The Night of the Long Knives, in June 1934, saw the wiping out of the SA's leadership and others who had angered Hitler in the recent past in Nazi Germany. Fearing that the paramilitary SA had become too powerful, Hitler ordered his elite SS guards to murder the organisation’s leaders, including Ernst Röhm. Also killed that night were hundreds of other perceived opponents of Hitler, including Kurt von Schleicher and Gregor Strasser. After this date, the SS lead by Heinrich Himmler was to become far more powerful in Nazi Germany.
For all the power the Enabling Act gave Hitler, he still felt threatened by some in the Nazi Party. He was also worried that the regular army had not given an oath of allegiance.By the summer of 1934, the SA's numbers had swollen to 2 million men. They were under the control of Ernst Röhm, a loyal follower of Hitler since the early days of the Nazi Party. The SA had given the Nazi's an iron fist with which to disrupt other political parties meetings before January 1933. The SA was also used to enforce law after Hitler became Chancellor in January 1933. To all intents, they were the enforcers of the Nazi Party and there is no evidence that Röhm was ever planning anything against Hitler.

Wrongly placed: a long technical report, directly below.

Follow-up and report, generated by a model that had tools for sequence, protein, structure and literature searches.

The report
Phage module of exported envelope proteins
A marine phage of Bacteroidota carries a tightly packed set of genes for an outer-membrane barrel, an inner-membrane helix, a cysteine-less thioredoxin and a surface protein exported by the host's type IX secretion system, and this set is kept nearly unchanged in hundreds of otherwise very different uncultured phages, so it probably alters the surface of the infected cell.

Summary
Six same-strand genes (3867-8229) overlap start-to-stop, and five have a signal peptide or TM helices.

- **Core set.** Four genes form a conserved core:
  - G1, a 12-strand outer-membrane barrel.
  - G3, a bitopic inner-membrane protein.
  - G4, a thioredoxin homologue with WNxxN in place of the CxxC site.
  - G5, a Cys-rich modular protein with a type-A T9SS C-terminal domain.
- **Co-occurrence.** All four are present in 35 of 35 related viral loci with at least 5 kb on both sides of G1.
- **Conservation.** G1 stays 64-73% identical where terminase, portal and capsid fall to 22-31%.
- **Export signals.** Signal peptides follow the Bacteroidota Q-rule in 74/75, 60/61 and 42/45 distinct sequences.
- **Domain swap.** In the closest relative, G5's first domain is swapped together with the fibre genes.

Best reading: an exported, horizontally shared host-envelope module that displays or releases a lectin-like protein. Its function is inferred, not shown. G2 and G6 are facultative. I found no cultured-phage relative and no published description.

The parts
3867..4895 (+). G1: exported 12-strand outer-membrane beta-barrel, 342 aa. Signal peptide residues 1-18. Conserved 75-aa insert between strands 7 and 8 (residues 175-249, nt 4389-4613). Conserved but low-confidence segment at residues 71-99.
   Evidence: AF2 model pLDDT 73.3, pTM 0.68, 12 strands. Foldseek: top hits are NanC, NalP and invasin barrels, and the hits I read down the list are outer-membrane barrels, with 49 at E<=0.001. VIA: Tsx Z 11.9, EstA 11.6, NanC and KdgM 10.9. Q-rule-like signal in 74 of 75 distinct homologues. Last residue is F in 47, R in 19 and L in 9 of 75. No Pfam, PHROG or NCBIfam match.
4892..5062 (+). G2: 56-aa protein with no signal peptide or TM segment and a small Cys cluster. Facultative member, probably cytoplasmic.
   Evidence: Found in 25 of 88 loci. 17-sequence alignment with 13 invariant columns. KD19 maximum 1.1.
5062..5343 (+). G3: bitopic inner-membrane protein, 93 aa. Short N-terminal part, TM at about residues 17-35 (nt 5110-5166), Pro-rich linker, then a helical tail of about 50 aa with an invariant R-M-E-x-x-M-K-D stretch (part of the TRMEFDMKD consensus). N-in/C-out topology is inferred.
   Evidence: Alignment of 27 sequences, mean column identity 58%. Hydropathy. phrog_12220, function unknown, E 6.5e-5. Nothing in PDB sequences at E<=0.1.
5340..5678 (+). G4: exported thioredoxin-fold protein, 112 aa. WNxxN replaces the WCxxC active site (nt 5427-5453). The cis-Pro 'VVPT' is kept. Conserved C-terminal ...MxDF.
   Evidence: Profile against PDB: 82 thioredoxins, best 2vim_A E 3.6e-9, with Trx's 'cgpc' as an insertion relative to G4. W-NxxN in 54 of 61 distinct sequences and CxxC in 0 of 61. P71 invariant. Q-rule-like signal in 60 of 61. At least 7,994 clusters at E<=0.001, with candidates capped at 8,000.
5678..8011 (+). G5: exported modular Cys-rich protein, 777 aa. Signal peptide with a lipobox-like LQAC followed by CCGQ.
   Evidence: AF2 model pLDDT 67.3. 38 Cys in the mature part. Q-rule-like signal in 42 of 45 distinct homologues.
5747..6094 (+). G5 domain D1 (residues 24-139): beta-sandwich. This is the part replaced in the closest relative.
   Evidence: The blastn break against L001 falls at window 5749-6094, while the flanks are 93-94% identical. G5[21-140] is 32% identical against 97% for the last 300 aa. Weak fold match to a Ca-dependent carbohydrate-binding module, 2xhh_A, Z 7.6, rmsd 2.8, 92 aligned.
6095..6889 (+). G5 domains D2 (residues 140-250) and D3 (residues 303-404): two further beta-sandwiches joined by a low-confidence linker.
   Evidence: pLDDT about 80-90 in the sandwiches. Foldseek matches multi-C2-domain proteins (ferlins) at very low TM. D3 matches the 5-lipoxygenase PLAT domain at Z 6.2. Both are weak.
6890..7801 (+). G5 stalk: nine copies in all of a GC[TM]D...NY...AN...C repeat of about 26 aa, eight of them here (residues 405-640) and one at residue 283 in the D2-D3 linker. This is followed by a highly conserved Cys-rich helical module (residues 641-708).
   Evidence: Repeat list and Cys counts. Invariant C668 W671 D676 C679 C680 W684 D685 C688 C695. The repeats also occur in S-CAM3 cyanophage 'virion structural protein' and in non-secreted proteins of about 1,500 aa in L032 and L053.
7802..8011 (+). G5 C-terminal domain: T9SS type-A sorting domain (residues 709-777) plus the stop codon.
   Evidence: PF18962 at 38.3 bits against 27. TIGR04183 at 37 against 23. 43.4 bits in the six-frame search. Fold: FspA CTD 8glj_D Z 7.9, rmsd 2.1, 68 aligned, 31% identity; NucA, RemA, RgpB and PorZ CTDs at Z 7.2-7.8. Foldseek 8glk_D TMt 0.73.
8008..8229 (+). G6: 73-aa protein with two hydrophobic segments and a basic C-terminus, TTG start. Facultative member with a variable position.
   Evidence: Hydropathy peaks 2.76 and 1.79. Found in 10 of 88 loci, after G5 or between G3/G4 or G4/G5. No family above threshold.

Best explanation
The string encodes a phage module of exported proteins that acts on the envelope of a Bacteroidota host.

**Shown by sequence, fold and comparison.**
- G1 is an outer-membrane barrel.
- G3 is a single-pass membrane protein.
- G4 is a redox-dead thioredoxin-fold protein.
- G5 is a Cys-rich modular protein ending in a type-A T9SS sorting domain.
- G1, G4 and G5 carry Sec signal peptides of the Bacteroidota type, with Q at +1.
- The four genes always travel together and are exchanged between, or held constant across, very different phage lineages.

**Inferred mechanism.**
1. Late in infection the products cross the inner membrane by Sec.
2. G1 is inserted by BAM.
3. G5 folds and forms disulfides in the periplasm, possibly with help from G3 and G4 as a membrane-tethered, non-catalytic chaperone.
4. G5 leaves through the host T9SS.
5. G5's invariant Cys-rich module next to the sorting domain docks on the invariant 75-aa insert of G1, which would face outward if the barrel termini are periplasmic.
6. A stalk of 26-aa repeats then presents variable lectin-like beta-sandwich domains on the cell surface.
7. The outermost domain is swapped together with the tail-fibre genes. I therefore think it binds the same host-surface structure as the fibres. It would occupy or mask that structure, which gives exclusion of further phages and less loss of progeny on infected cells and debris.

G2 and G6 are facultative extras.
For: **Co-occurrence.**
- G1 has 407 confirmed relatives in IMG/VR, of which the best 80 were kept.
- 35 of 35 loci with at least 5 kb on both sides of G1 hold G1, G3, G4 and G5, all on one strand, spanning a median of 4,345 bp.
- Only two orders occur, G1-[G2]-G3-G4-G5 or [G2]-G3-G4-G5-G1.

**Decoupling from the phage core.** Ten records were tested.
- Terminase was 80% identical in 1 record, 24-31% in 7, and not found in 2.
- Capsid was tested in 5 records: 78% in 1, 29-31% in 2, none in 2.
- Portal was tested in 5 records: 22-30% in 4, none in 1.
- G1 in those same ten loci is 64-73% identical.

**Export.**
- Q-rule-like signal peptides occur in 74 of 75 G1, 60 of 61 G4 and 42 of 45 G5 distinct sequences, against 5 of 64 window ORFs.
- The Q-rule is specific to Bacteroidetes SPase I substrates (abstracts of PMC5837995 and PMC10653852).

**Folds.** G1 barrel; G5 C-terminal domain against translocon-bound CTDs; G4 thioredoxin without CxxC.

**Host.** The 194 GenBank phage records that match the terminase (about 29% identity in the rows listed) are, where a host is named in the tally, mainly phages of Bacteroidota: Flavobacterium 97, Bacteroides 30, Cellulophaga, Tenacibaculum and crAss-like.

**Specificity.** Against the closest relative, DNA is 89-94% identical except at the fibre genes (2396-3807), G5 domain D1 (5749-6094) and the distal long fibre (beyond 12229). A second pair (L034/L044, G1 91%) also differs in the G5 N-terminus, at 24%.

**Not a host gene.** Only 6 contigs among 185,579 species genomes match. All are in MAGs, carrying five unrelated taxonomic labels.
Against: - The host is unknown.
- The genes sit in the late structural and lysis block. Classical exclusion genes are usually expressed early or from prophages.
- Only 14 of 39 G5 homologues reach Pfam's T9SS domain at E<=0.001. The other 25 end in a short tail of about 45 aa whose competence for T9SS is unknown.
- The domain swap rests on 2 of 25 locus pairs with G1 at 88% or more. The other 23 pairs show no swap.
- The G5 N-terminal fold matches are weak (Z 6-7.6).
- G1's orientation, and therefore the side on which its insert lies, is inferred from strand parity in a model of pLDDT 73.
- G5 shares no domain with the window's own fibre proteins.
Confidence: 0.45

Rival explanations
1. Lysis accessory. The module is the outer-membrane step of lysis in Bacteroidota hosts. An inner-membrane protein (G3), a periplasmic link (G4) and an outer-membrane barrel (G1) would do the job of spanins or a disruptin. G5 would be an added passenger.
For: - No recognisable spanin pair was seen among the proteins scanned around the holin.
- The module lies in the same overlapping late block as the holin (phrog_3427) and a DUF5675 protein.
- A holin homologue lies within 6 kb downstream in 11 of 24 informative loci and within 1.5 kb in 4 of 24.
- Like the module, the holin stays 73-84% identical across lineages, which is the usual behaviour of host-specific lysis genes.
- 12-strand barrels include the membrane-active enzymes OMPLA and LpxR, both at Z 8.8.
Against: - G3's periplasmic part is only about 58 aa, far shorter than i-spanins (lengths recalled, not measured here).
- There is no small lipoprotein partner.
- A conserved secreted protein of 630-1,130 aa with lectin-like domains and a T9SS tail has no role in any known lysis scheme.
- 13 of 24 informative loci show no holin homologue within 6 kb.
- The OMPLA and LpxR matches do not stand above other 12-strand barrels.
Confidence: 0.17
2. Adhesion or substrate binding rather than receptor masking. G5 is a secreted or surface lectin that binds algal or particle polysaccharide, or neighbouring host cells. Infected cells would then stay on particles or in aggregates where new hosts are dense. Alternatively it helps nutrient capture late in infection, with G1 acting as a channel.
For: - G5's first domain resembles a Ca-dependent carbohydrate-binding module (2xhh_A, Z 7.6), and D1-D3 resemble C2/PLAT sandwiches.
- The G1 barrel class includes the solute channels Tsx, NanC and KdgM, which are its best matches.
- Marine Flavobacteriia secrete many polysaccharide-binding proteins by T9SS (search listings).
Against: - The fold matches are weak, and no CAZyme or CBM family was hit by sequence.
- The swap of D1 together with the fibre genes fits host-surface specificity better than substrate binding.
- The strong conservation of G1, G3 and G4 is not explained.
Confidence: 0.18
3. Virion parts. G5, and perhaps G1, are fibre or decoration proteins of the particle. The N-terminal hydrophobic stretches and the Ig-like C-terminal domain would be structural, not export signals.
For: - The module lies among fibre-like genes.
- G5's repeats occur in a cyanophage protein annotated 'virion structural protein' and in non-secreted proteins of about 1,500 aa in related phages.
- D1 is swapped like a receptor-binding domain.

However, Röhm had made enemies within the Nazi Party - Himmler, Goering and Goebbels were angered by the power he had gained and convinced Hitler that this was a threat to his position.